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A screenshot of the homepage of JENREN, taken on April 25, which featured Ofer Wolberger’s work.

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How did you find the first people whose work you posted?
I just started working through artists’ websites, grabbing images, and then started to build the archive. Over time, I found a blog format that could put the work in a form that felt very useful. It was so amazing to see the galleries take shape. It was intoxicating for me.

For three months, I spent all my free time gathering artists’ work and posting to a private site. I thought it would be easier to get permission if the site was full of work. When I hit 500 posts, it seemed like I could open it up to the public and reach out to the artists for permission. It was a very busy week fielding all the emails, and then the site took hold. Since then, I’ve just kept at it. It’s one of the highlights of my day when I get to sit down and pull images.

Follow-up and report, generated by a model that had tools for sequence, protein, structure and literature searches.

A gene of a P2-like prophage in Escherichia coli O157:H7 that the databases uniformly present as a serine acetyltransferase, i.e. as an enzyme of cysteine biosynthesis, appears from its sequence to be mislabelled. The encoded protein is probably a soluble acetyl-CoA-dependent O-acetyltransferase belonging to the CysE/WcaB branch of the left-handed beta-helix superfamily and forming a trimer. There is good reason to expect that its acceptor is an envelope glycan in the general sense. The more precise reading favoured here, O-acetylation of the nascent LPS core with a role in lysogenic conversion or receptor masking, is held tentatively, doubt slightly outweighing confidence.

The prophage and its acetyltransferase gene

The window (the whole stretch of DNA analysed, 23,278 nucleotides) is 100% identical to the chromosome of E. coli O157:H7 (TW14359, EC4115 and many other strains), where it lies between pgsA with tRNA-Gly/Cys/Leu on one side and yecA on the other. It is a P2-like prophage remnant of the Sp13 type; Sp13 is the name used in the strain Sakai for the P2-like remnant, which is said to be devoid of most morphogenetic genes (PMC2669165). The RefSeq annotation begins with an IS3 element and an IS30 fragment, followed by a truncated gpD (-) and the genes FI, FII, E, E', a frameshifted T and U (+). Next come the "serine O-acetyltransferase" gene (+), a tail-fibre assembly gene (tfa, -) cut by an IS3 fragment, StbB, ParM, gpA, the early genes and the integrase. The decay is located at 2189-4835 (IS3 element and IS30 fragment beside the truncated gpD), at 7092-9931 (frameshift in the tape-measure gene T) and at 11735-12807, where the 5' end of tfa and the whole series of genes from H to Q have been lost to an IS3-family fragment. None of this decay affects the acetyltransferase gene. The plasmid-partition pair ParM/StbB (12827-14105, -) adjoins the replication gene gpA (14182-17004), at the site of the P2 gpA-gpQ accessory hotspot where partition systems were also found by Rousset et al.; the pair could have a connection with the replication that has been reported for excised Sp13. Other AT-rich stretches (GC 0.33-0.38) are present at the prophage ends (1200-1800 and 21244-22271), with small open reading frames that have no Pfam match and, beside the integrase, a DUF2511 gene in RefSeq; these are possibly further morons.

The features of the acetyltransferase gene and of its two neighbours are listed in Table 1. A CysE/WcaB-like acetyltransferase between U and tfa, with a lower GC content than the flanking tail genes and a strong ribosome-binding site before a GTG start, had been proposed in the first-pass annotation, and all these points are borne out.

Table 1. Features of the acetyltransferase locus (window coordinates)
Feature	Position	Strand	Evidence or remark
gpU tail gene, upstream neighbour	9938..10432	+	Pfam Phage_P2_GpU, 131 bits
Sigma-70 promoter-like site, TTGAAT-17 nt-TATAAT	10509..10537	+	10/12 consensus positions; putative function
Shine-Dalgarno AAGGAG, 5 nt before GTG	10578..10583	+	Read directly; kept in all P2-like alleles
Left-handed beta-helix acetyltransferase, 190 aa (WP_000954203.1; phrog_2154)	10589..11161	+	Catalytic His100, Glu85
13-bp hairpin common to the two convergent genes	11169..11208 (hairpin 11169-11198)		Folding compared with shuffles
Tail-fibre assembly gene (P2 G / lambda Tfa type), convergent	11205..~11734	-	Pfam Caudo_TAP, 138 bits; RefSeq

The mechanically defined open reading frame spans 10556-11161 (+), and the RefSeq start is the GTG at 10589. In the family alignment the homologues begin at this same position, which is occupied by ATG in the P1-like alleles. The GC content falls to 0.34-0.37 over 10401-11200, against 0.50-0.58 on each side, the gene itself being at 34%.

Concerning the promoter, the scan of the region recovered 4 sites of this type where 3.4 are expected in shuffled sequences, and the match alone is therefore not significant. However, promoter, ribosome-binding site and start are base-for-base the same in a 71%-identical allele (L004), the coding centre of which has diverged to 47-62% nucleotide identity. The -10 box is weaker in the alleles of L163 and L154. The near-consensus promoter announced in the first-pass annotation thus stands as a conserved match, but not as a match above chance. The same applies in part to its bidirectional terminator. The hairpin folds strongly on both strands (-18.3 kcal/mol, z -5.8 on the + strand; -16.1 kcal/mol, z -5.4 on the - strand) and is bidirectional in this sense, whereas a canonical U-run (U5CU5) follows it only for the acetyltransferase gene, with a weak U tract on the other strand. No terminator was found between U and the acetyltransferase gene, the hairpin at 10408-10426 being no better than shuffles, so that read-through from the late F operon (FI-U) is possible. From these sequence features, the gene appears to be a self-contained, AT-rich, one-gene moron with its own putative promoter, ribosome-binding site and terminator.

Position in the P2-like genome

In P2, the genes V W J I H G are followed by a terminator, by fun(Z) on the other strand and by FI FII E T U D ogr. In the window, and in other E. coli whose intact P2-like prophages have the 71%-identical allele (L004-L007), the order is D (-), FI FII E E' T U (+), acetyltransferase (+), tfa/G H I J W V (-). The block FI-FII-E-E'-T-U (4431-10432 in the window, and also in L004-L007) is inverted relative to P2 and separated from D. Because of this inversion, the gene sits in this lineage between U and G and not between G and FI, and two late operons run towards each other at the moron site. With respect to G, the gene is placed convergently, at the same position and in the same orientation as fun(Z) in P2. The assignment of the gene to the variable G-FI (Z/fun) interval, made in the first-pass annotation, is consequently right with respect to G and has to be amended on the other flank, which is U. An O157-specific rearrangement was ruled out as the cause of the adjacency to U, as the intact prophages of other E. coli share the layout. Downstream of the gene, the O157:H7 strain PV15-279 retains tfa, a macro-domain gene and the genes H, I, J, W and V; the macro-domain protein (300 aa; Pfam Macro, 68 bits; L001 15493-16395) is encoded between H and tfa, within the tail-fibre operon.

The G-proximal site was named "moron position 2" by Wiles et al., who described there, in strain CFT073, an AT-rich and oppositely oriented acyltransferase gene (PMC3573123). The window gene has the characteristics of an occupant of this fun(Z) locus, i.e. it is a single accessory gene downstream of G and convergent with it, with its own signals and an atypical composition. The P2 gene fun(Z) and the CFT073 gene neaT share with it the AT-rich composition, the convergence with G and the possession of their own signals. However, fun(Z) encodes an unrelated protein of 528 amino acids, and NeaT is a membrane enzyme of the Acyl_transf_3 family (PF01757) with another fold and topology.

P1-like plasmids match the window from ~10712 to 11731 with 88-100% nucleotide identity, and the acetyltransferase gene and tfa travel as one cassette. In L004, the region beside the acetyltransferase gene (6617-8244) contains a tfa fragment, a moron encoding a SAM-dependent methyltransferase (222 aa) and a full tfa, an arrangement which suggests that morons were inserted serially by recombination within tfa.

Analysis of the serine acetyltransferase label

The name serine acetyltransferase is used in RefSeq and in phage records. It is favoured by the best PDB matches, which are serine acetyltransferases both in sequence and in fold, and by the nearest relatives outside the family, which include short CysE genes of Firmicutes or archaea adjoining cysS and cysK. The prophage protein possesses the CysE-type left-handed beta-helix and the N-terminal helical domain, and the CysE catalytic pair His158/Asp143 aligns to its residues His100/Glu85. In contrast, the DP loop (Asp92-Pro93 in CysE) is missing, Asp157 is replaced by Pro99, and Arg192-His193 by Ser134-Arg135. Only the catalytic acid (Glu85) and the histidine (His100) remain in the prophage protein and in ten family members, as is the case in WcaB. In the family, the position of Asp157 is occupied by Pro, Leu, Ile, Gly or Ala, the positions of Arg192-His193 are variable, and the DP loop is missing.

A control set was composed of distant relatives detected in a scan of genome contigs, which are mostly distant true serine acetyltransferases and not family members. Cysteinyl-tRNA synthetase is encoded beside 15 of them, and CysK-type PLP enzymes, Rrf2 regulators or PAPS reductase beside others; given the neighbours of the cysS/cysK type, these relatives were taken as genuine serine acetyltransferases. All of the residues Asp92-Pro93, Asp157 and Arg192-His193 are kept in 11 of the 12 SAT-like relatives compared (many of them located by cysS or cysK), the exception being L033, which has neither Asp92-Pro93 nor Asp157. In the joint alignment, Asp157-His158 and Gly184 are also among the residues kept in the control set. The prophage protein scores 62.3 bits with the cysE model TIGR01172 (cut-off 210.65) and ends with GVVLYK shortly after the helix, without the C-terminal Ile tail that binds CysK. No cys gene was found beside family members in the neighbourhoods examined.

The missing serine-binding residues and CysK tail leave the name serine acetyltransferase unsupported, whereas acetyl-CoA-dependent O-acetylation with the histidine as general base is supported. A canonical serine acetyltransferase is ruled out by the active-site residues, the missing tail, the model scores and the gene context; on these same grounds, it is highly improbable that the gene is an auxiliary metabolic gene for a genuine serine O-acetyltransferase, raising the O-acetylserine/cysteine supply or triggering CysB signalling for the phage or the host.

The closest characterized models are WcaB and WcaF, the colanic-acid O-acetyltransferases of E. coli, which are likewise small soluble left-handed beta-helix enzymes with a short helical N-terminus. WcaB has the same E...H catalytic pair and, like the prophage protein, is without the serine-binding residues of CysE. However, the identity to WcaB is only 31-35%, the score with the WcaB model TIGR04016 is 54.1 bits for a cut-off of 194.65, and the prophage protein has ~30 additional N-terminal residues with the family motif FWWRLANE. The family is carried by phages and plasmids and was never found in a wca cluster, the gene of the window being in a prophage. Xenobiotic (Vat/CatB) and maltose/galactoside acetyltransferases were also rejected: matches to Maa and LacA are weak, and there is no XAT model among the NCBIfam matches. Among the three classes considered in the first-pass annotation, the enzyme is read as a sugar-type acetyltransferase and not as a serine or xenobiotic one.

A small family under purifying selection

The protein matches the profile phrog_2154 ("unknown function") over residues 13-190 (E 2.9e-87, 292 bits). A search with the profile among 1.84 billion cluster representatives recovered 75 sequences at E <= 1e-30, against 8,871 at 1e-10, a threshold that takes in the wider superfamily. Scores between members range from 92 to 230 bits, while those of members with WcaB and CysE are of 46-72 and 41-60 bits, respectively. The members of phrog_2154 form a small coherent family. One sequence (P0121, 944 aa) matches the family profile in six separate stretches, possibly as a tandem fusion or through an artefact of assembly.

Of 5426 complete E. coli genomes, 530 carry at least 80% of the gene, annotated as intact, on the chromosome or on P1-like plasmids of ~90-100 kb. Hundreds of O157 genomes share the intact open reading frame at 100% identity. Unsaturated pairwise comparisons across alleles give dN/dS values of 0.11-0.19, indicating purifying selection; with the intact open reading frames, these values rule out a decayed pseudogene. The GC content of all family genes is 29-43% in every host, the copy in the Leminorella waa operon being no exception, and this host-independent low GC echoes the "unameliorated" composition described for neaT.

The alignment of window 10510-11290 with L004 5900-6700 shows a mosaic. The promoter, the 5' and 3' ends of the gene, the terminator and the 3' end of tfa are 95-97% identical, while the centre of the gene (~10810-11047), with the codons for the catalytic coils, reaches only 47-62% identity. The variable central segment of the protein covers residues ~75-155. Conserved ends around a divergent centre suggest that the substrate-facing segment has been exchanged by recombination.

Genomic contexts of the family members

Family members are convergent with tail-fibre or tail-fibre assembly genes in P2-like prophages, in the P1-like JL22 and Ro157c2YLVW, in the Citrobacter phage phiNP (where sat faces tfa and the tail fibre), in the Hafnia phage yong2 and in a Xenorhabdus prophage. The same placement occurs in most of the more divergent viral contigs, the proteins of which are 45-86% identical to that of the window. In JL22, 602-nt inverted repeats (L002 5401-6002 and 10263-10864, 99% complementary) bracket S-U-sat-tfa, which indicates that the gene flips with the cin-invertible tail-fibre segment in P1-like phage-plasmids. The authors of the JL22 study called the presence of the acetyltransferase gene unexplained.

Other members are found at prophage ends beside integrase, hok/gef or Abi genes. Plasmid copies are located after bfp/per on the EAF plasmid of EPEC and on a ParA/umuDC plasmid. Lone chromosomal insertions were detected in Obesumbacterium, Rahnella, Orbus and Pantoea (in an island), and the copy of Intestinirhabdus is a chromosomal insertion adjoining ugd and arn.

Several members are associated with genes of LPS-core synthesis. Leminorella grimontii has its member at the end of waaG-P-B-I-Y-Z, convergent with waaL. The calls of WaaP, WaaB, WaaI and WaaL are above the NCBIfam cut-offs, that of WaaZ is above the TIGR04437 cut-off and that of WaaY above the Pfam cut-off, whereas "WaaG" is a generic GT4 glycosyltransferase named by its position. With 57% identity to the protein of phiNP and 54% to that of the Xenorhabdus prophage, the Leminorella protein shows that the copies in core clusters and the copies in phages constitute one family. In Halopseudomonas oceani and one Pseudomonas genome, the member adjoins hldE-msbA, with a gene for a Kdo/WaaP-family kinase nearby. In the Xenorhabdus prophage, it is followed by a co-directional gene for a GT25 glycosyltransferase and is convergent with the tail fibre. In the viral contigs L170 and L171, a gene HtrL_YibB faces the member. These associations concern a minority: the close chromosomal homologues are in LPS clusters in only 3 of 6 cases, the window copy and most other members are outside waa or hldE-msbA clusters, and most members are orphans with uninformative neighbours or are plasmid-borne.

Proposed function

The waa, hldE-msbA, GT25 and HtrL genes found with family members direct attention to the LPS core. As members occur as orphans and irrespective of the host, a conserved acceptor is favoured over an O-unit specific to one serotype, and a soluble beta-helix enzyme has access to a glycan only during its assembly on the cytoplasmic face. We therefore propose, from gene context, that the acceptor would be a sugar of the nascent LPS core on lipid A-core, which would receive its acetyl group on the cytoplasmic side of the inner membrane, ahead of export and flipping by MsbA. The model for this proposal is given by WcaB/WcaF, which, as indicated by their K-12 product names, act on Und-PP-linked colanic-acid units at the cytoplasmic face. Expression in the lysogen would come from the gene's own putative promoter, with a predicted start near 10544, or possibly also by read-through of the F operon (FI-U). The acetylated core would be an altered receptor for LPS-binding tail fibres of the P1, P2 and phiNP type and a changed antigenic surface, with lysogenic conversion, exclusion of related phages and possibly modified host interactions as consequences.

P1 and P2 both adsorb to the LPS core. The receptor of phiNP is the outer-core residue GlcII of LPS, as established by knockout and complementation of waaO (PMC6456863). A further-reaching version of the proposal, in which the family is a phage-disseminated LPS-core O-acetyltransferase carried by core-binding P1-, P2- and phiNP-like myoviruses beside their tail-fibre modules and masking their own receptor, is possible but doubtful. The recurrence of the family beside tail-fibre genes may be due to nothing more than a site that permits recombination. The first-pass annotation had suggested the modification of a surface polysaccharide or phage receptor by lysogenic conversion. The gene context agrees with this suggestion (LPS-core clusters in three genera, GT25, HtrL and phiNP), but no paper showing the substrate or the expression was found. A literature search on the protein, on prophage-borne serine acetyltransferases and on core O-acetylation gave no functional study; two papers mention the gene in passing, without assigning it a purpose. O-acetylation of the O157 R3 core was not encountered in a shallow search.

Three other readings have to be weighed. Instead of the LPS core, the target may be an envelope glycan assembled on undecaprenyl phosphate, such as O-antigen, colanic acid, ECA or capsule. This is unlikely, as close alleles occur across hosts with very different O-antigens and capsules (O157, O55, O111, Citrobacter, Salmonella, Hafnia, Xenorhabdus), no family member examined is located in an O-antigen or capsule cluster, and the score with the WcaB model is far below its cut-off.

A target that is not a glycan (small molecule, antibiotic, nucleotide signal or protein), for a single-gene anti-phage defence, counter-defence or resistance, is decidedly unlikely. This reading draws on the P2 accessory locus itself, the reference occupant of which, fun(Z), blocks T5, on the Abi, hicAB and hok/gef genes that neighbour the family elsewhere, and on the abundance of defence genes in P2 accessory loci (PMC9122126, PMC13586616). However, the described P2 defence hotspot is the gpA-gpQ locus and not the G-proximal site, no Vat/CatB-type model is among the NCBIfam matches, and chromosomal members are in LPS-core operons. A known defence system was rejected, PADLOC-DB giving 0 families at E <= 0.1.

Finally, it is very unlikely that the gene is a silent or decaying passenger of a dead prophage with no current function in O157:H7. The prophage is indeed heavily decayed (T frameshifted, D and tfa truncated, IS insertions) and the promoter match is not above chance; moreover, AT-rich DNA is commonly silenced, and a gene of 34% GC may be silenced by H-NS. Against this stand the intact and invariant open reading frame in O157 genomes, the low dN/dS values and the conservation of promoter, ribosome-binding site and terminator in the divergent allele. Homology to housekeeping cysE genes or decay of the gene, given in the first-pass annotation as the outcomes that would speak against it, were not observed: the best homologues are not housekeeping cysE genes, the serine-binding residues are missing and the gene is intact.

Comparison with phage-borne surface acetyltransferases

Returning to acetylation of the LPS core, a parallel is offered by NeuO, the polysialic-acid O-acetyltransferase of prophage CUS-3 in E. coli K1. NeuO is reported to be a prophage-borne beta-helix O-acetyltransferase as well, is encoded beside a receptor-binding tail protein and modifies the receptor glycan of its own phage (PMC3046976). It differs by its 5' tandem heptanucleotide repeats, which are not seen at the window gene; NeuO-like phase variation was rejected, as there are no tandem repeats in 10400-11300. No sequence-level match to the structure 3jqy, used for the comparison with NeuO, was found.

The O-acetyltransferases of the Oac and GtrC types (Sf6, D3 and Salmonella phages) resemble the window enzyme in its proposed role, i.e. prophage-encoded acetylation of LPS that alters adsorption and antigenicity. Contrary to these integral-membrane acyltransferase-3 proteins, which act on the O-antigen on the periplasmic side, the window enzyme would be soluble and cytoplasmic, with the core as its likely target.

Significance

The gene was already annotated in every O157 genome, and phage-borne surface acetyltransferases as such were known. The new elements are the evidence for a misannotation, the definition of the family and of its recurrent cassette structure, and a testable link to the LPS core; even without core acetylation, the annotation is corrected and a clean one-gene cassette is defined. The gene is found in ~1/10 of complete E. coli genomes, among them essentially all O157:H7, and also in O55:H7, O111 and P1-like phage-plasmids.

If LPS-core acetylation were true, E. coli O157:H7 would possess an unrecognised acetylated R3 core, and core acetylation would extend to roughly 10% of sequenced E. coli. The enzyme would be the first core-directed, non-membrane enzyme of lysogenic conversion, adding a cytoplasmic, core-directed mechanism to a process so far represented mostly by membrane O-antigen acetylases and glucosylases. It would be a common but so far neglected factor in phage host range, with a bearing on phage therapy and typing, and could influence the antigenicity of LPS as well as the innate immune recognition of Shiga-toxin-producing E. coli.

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What kind of work gets the JENREN seal of approval?
There’s nothing specific about it. I don’t look at bios, CVs, or client lists. I just know when I’ve reached a collection of work that inspires me. It’s subjective, and I’ve grown to trust my perspective. I try not to edit or filter my POV. I can tell in a few images if the body of work is a good fit for the site. I go through the work and pull images, edit/order, resize, and then post. It’s so much fun to work through that process. I get so much out of it.